"He will represent the United States and the president in paying respects to the Kuwaitis and Emir Saad. The Kuwaitis are a critical ally in the global war on terrorism," said Lea Anne McBride, Cheney's spokeswoman.
Cheney left Washington on Sunday to make up stops that were cut from his Middle East trip last month when he rushed back to Washington to cast a tie-breaking vote in the Senate.
After meeting with officials in Egypt and Saudi Arabia on Tuesday, Cheney will fly to Kuwait to mark the passing of Sheik Jaber.
McBride said he will pay respects to the royal family and meet with the late emir's successor, Sheik Saad Al Abdullah Al Sabah. She spoke to reporters traveling with the vice president during a refueling stop in Shannon, Ireland.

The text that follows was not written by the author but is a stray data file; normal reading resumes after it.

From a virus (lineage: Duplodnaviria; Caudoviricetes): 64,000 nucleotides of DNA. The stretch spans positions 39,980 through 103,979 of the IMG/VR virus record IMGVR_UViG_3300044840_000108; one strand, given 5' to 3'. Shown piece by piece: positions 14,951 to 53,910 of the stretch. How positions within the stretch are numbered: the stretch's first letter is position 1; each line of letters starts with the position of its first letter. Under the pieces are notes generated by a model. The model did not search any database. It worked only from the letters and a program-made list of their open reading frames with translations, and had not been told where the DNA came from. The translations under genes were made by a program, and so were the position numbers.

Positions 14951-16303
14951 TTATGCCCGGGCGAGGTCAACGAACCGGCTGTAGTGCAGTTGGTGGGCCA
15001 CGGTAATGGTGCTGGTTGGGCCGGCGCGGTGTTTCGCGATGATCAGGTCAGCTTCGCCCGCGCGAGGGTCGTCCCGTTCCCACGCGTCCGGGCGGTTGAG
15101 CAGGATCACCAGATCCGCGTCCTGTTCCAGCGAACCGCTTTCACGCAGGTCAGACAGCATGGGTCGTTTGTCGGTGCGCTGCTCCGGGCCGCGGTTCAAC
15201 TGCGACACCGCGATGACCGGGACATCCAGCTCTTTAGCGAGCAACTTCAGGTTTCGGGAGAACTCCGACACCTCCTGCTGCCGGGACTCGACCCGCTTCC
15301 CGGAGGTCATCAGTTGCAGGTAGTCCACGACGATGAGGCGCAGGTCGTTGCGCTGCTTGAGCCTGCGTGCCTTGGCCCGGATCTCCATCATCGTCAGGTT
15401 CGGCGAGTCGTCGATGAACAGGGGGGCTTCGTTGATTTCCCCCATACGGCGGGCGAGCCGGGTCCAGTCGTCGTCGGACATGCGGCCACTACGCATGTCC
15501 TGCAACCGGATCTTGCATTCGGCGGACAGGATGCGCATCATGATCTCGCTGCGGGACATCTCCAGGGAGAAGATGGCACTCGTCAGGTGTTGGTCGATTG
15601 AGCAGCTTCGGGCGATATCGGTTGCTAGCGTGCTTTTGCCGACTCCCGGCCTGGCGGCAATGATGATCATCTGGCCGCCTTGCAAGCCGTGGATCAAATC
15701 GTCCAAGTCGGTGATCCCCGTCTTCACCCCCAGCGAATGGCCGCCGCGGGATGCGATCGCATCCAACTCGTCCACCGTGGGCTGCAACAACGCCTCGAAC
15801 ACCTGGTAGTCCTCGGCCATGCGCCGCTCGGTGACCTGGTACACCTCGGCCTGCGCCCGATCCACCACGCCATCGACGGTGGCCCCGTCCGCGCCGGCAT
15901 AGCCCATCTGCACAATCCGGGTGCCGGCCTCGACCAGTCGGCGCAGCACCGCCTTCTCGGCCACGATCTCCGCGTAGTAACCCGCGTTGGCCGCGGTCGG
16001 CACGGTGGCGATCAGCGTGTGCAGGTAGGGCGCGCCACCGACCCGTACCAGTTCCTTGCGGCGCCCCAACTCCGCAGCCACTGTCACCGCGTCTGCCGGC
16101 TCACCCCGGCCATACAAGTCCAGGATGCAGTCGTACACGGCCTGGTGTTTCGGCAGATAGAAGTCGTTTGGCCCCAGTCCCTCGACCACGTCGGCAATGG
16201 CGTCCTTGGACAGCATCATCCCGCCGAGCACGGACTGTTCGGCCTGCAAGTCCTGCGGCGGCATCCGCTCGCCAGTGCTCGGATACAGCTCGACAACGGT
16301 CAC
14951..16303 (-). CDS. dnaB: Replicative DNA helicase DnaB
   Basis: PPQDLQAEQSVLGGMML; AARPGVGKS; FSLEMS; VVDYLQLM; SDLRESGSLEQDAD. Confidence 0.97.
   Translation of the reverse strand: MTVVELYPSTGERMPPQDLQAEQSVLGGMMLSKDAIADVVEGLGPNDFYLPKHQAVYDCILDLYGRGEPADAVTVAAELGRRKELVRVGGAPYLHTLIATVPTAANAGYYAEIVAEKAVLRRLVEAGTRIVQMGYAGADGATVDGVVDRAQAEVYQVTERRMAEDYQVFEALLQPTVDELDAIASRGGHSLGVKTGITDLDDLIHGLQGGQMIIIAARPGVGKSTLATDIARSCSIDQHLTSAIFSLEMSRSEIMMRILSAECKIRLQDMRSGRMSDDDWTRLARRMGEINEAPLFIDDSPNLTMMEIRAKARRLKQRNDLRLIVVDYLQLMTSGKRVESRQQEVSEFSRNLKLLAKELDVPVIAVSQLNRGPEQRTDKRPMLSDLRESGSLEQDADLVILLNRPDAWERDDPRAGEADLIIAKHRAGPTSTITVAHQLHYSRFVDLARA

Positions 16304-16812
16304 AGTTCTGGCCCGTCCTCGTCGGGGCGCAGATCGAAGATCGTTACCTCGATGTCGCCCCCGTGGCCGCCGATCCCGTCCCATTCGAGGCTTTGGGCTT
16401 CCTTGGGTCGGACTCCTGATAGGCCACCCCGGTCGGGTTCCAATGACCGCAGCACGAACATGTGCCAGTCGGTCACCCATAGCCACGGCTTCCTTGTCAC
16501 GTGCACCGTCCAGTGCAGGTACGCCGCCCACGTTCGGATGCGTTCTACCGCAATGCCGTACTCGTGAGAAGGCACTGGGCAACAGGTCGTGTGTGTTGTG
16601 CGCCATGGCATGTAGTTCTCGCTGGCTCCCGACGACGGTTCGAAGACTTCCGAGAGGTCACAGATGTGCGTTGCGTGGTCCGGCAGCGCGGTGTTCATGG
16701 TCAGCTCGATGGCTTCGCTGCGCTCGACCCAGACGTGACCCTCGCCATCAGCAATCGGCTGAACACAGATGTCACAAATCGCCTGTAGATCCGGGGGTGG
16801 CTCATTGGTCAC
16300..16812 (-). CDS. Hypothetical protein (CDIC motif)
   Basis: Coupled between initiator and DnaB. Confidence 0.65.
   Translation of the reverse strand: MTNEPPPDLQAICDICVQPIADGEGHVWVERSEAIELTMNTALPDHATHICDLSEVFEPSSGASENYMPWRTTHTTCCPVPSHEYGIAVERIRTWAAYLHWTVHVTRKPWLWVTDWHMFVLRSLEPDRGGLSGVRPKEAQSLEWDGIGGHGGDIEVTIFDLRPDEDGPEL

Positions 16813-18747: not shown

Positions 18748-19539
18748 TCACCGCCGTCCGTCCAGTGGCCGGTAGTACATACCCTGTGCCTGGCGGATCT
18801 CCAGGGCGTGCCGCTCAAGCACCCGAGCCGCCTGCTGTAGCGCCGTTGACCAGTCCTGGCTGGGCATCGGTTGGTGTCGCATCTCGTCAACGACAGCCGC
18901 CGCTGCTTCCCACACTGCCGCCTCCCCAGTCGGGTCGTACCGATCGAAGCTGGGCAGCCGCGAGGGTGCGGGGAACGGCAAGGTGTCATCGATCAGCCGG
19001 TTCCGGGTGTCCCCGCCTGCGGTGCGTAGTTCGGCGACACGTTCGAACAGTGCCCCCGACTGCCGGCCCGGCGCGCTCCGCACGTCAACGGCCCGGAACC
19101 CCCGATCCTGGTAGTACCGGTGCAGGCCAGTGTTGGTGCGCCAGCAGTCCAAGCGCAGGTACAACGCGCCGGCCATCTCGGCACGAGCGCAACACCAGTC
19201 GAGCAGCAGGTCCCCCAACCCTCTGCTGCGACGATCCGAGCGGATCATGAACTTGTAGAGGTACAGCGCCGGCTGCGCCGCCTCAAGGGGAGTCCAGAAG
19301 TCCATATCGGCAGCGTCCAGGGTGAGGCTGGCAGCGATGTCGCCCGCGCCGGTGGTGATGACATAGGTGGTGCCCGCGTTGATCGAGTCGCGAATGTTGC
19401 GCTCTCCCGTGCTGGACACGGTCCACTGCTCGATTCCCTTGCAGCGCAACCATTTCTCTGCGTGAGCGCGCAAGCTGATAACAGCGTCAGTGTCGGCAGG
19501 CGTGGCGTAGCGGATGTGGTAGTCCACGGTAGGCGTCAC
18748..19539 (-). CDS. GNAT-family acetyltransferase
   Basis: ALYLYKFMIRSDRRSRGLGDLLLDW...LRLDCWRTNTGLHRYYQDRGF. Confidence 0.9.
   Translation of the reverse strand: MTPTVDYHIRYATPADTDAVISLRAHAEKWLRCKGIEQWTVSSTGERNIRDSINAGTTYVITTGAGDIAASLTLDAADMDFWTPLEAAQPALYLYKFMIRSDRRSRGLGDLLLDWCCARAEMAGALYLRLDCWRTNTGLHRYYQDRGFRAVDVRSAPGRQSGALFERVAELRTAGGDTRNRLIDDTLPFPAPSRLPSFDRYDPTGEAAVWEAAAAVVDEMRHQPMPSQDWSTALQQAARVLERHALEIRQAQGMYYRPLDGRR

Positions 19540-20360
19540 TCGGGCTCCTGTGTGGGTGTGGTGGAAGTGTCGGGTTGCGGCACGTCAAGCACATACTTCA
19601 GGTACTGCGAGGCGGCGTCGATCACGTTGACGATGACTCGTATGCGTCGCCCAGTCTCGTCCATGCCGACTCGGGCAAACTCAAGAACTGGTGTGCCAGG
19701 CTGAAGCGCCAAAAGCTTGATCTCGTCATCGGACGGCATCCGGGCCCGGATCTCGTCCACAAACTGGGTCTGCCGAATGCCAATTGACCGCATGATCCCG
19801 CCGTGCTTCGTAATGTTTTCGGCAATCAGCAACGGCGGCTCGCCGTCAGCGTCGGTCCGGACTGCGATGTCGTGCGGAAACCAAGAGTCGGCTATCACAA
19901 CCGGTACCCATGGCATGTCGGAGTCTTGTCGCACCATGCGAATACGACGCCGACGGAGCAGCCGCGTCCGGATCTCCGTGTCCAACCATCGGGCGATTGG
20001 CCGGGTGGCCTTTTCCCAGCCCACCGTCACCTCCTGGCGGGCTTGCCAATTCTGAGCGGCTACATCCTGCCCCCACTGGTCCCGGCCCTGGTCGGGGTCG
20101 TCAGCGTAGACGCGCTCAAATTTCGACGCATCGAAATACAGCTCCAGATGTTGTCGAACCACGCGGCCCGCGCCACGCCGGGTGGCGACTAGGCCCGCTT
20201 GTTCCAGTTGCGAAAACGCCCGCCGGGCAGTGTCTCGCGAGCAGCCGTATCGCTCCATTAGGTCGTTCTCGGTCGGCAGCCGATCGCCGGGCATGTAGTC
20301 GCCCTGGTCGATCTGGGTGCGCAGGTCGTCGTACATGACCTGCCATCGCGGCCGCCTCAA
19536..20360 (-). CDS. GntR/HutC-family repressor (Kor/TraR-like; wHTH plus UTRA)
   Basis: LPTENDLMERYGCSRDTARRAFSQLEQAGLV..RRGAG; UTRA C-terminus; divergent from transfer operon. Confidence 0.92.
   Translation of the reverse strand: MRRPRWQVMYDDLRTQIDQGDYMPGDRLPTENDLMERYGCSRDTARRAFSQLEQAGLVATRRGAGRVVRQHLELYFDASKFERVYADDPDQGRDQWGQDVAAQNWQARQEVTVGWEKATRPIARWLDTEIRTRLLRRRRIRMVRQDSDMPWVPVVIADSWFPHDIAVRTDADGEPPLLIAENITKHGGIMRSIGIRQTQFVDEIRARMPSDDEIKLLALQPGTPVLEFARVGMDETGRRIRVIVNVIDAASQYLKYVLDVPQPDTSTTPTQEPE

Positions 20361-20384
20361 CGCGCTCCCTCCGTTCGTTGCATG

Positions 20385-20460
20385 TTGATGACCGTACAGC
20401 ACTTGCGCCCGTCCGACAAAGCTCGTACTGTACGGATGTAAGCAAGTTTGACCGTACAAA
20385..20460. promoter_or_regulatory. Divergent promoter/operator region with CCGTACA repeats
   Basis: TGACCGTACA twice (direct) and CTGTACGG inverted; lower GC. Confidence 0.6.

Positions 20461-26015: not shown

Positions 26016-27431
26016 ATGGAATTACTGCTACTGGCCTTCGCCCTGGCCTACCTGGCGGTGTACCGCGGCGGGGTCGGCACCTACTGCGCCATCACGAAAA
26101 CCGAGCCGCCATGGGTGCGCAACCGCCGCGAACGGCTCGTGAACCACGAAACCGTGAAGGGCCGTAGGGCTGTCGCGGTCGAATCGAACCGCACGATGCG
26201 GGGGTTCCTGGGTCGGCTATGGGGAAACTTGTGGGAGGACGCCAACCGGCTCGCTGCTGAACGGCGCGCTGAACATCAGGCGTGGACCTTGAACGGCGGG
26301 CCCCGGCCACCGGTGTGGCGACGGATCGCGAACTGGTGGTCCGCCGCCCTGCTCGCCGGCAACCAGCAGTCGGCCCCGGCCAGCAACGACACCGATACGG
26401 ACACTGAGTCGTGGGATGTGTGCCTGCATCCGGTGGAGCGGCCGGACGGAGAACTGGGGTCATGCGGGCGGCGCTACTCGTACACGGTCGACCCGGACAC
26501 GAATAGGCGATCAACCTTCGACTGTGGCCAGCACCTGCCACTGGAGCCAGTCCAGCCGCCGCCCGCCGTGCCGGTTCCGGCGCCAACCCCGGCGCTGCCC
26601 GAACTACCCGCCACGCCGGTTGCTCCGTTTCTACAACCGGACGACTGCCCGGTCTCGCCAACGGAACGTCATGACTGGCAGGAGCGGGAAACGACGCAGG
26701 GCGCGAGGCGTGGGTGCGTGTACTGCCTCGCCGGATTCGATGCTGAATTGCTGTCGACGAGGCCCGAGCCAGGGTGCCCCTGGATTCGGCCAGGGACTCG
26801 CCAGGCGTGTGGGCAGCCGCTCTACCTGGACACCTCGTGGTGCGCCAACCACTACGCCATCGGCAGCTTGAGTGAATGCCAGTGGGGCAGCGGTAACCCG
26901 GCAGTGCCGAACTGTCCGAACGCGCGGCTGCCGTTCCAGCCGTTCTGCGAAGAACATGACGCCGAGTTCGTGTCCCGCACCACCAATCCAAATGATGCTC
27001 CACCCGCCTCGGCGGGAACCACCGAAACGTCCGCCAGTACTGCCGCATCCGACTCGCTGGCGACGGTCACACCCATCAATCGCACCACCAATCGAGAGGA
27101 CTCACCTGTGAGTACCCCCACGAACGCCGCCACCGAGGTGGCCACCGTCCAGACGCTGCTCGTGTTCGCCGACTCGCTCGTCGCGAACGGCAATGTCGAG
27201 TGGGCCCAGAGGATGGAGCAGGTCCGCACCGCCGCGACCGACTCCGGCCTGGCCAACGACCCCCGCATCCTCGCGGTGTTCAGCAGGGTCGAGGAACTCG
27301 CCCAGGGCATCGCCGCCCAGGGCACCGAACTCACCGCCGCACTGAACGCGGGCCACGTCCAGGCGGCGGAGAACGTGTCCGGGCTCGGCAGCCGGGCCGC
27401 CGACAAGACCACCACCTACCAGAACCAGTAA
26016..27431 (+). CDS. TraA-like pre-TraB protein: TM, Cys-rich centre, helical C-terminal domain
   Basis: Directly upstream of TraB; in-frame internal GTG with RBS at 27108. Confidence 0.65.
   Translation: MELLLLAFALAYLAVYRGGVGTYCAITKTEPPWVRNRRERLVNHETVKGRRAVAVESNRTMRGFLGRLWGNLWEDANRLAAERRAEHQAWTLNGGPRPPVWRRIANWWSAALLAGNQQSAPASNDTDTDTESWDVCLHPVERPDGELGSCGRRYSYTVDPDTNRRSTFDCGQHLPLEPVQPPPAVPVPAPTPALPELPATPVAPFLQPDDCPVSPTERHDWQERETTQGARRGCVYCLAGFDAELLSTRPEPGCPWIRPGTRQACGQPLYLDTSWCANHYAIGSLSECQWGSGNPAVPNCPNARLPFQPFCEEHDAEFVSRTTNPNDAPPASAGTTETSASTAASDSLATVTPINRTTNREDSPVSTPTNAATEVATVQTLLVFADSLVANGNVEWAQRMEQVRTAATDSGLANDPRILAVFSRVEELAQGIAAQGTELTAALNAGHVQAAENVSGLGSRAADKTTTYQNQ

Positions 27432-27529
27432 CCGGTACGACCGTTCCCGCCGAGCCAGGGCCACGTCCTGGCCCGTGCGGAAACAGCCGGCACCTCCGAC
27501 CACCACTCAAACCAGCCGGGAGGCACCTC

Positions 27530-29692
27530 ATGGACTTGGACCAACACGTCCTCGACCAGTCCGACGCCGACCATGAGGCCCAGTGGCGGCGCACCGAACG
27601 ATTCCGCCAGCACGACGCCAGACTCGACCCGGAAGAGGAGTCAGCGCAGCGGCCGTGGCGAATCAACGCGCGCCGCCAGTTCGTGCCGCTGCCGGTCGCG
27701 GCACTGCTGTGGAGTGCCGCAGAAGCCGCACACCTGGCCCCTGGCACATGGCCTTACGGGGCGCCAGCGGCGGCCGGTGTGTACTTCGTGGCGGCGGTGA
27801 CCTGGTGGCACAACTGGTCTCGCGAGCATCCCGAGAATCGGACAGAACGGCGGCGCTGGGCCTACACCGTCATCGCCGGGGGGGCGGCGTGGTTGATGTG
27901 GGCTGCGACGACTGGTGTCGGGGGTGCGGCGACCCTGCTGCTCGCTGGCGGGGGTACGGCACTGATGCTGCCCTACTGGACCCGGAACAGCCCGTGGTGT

Sheik Jaber was buried Sunday in an unmarked grave in a ceremony attended by thousands of weeping mourners.
In a statement later Monday, President Bush said he was "saddened to learn" of the amir's death.
"Sheikh Jabir was a friend and steadfast and reliable ally of the United States," the president's statement said. "He supported the U.S. servicemen and women who fought to liberate Kuwait and later Iraq from the aggression and tyranny of Saddam Hussein."
Last month Cheney canceled planned visits to Egypt and Saudi Arabia to rush home and cast his seventh tie-breaking vote in the Senate on Dec. 21. Before returning, he visited Iraq, Pakistan, Afghanistan and Oman.
The 51-50 vote passed legislation to cut federal deficits by $39.7 billion over five years. The vice president, under duties spelled out in the Constitution, also serves as president of the Senate and steps in when needed to break ties.